Round the corner by the grocery store stood Darling Doris thirty years or more
Issue 377 | 30 August 2022
My Darling Doris
Formed in 1985, Fat and Frantic were a London-based pop music group who wrote all their own material, playing a wide variety of musical styles ranging from manic skiffle through rock 'n roll to a cappella which they sometimes described as "piffle" – a mix of punk and skiffle.
The group were also somewhat notorious for once receiving a particularly bad live review from Damon Wise in the music paper Sounds which closed with the line "Fat and Frantic ruined my weekend and I hate them for it", a line which the group went on to use extensively in their publicity.
During the 1980s, Fat and Frantic wrote a song, "My Darling Doris", as part of the campaign to stop the decommissioning of the red telephone box. The song lyrics describe the red telephone box as a characterful community beacon being replaced.
The powerful closing words of the song being "Now they've taken my Darling Doris away. How can I forgive them?"
Clearly this was a niche band from the 1980’s, so here's a snippet of “My Darling Doris”:
Fat And Frantic - Darling Doris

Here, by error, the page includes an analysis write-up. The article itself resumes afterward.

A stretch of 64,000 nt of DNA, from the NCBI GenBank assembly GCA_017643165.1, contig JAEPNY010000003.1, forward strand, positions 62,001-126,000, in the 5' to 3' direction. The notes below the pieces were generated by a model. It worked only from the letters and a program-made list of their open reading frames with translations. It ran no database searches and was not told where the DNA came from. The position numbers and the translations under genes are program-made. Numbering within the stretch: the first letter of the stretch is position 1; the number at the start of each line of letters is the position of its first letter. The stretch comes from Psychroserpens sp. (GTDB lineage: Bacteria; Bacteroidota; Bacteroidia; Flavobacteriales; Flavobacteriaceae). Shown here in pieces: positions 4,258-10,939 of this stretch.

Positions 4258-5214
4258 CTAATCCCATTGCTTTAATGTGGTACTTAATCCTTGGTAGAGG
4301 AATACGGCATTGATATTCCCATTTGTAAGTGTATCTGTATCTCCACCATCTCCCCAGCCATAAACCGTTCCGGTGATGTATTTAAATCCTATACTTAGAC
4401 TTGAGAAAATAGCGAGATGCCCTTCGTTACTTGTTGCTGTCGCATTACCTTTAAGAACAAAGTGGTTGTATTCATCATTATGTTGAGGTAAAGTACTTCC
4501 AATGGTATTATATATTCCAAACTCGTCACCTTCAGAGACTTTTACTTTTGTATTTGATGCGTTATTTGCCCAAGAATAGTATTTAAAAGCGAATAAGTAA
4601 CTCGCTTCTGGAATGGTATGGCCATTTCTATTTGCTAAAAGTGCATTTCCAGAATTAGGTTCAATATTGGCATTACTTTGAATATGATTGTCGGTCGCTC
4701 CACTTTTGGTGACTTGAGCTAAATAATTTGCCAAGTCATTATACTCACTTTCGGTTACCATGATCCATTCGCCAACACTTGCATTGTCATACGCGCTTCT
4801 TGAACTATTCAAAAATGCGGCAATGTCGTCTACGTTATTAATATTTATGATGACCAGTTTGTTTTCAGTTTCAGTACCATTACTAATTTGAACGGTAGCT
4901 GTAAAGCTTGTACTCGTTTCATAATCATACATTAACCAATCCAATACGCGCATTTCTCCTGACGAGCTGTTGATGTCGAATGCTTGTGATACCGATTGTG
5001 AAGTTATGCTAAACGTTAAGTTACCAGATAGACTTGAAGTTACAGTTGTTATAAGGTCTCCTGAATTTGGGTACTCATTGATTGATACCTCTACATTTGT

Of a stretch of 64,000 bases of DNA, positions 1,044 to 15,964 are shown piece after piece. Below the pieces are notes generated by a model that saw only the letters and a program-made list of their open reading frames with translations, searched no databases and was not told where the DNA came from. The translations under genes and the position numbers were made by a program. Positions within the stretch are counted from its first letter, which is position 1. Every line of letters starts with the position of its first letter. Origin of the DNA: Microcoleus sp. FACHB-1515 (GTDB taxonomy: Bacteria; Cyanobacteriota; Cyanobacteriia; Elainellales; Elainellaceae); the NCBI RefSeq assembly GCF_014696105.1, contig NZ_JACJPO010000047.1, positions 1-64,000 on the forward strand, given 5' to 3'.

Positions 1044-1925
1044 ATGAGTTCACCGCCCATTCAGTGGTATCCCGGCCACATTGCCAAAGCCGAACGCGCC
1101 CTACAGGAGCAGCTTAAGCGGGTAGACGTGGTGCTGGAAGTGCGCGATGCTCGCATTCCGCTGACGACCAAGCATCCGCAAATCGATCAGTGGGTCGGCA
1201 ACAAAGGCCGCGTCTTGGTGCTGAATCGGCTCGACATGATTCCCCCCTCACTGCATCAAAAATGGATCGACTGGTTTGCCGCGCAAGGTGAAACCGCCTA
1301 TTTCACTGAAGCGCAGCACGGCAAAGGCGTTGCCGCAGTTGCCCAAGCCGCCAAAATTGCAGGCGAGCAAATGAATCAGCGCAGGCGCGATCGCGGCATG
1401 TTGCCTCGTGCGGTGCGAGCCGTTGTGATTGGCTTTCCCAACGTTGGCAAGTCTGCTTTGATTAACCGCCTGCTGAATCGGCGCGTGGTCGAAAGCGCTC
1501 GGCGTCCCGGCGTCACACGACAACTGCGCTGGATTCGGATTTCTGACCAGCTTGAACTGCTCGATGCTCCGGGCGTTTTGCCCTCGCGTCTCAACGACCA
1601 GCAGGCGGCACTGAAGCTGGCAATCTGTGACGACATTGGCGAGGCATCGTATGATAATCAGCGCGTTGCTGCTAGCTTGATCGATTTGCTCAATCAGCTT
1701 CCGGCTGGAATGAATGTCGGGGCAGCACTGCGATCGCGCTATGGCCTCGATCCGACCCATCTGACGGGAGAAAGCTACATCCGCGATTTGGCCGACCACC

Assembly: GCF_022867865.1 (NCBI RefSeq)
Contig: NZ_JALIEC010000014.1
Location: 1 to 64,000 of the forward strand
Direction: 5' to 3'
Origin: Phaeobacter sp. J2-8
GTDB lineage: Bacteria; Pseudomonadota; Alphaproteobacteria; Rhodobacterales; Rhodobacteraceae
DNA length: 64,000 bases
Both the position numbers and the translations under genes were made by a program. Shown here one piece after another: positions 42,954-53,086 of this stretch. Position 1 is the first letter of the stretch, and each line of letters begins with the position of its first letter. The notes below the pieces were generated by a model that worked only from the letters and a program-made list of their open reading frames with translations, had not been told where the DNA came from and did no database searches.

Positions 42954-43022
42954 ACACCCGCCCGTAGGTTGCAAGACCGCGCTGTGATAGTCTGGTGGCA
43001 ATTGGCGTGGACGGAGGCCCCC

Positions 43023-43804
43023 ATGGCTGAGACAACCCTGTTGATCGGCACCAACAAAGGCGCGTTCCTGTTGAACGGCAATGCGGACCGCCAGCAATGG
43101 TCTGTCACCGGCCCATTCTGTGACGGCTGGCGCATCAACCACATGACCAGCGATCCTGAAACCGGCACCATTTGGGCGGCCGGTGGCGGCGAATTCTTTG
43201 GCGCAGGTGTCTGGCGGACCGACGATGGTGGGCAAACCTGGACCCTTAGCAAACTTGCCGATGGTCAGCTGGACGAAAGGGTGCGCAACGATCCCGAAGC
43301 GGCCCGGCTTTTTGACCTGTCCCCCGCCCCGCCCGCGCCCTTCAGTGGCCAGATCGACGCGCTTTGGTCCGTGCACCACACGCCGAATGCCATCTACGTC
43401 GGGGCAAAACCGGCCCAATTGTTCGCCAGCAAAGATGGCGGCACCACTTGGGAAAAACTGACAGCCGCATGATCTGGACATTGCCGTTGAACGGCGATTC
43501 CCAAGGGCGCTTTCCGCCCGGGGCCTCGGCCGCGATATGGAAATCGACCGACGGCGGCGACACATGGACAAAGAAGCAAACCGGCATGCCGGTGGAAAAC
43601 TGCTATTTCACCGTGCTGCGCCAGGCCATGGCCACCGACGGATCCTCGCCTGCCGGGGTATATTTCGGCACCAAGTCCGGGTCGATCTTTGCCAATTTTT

Round the corner by the grocery store
Stood Darling Doris thirty years or more
Never out of order, never vandalised
She had a kind of mystery that nothing could disguise
We'd queue for hours to use her phone
Savour times with her alone
Artists came to draw
Reporters came to write
As Doris stood there proudly
That beacon of the night
But now they've taken my Darling Doris away
Yeah they've taken my Darling Doris away
If you are sufficiently inclined, you’ll even find the song on Spotify: My Darling Doris.
A phone housed in its own little shelter
From millennials to Gen Z a phone housed in its own little shelter outside in the middle of the street makes absolutely no sense, but for their parents and grandparents the red metal and glass outdoor cubicle gracing the streets was an important part of the fabric of daily life.
At their peak, in the mid-1990s, the British population of phone boxes was about 100,000 whereas today there are just over 20,000 working phone boxes in the UK.
With a high proportion of mobile phone ownership, it is not surprising that only five million calls were made from phone boxes in the year to May 2020. Interestingly, almost 150,000 were to emergency services; 25,000 were made to ChildLine and 20,000 calls to Samaritans.